Wow, you are inspiring! I like your attitude. Unfortunately, we need to replace the trunk and the tail light assemblies, but I will run this by my son and the body shop guy who sounds very practical and down to earth.


How did you take this to court? Which court? HOw much did it cost in terms of time and money for court costs, etc and did you need a lawyer?
Since arguing with the insurance companies over the last week and presenting documentation about oil changes,etc., my son has gotten them to raise the value of the car from $4500 to $5600. The blue book value range was $4000 to $6000, so we feel pretty good about this. Now we are waiting for the fight over salvage value and my son is trying to digest all of this. This is his first accident and he has a very full time job so he couldn’t take the time off to go to court.
I really like your attitude!

Thanks. so you are saying that the repairs shouldn’t cost more than $2000 a year for a $20,000 car for 3 years. But we always buy used cars and I think he paid $7000 for it about two years ago. He hasn’t had to put much into it thank goodness.

I hope that he reads your post!

Wow, you just get a couple of bids and then give them to the insurance company? Should you ask the insurance company first if they will accept such bids? It is hard for my son to take time off from work to do this.

Should you take the car to the salvage companies before getting the work done at the body shop or afterwards?

Why would a salvage company give a $0 value? Isn’t there always some salvage value? especially if you were able to drive it to the salvage yard?

Am I right about not having to deal with the DMV about the salvage title? He can just forget about it and just drive his car out of the body shop?

What does a salvage title really mean, except that he can’t get collision insurance?

Does it affect the sale price of the car if he is trying to get $3000 or so for it in another year or two? I am hoping that he keeps this car for many years, but he isn’t as much of a hippy as I am and he wants a newer car when he can afford it.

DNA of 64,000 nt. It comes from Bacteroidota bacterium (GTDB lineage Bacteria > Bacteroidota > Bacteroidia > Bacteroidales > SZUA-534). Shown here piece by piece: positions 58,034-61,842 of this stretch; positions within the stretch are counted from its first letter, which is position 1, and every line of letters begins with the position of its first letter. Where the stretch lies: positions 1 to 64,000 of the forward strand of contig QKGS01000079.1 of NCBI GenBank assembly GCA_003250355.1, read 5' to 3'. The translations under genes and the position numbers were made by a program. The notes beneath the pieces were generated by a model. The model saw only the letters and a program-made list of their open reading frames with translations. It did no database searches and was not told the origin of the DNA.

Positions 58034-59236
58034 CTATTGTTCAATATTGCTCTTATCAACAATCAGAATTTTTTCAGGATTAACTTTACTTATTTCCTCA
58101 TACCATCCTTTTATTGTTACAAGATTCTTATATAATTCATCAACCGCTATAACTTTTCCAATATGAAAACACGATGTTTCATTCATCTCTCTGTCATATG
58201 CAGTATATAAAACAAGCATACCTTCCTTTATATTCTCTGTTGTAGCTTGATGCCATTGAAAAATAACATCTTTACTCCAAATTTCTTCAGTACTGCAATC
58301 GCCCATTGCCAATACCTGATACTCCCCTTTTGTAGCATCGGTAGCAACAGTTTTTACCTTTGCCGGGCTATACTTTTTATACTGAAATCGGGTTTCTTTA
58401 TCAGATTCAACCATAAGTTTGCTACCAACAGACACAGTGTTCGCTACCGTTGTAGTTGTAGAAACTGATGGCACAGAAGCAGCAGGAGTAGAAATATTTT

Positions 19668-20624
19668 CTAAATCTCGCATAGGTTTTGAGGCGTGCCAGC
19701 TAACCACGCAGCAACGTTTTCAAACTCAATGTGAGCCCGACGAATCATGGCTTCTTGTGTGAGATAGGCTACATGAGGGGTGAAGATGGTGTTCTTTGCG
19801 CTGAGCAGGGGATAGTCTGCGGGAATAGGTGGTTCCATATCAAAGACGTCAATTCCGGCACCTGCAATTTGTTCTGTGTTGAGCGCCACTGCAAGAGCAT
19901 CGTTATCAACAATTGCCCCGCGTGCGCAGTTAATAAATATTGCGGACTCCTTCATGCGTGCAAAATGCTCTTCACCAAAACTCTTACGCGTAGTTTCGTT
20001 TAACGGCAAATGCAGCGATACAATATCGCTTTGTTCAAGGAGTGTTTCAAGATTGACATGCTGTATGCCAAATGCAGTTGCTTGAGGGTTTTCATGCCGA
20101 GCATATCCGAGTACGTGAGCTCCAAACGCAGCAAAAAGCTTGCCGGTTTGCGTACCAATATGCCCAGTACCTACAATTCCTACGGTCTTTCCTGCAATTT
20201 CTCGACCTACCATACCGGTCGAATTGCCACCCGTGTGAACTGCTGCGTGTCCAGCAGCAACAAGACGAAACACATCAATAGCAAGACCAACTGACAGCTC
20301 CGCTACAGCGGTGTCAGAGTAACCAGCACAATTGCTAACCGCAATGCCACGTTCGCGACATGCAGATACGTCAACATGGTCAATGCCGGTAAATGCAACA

Yes deb, you can typically spend up to $2000 per year on an ongoing basis on maintenance and repairs before it becomes financially more advantageous to trade to a NEW, all other things being equal, of course.

My sister is a retired accountant and she has always bought new cars and basically worn them out. The new car would be delegated to second car status at age 7 or 8. The second car would be used up in 14-16 years and sold for scrap or as a beater. Then the cycle would start all over.

Our family basically does the same thing; I bought my first car in 1958, and we have been a 2 car family since 1972. Since that original purchase we have only had 16 vehicles and 4 company cars.

Since cars have become fashion statements, people usually trade too often; this helps the economy and is great for those who buy used cars. But it is expensive for the original owner. However, the California lifestyle is based on change and fashion, rather than sound economics.

P.S. With a used car you can apply the same rule. A $7000 used car has a “half life” worth $3500, and 1/5 of that is $700. Most mechanics and Consumer Reports, however, would recommend that if any repair appraches 25% of the car’s current value, you get rid of it.

If your son’s car is now worth $5000 running and undamaged, that would be $1250 maximum to spend on any one repair. As well, any repair that exceeds the market value of the car is a no-no, although people often exceed this becuase they really love their cars.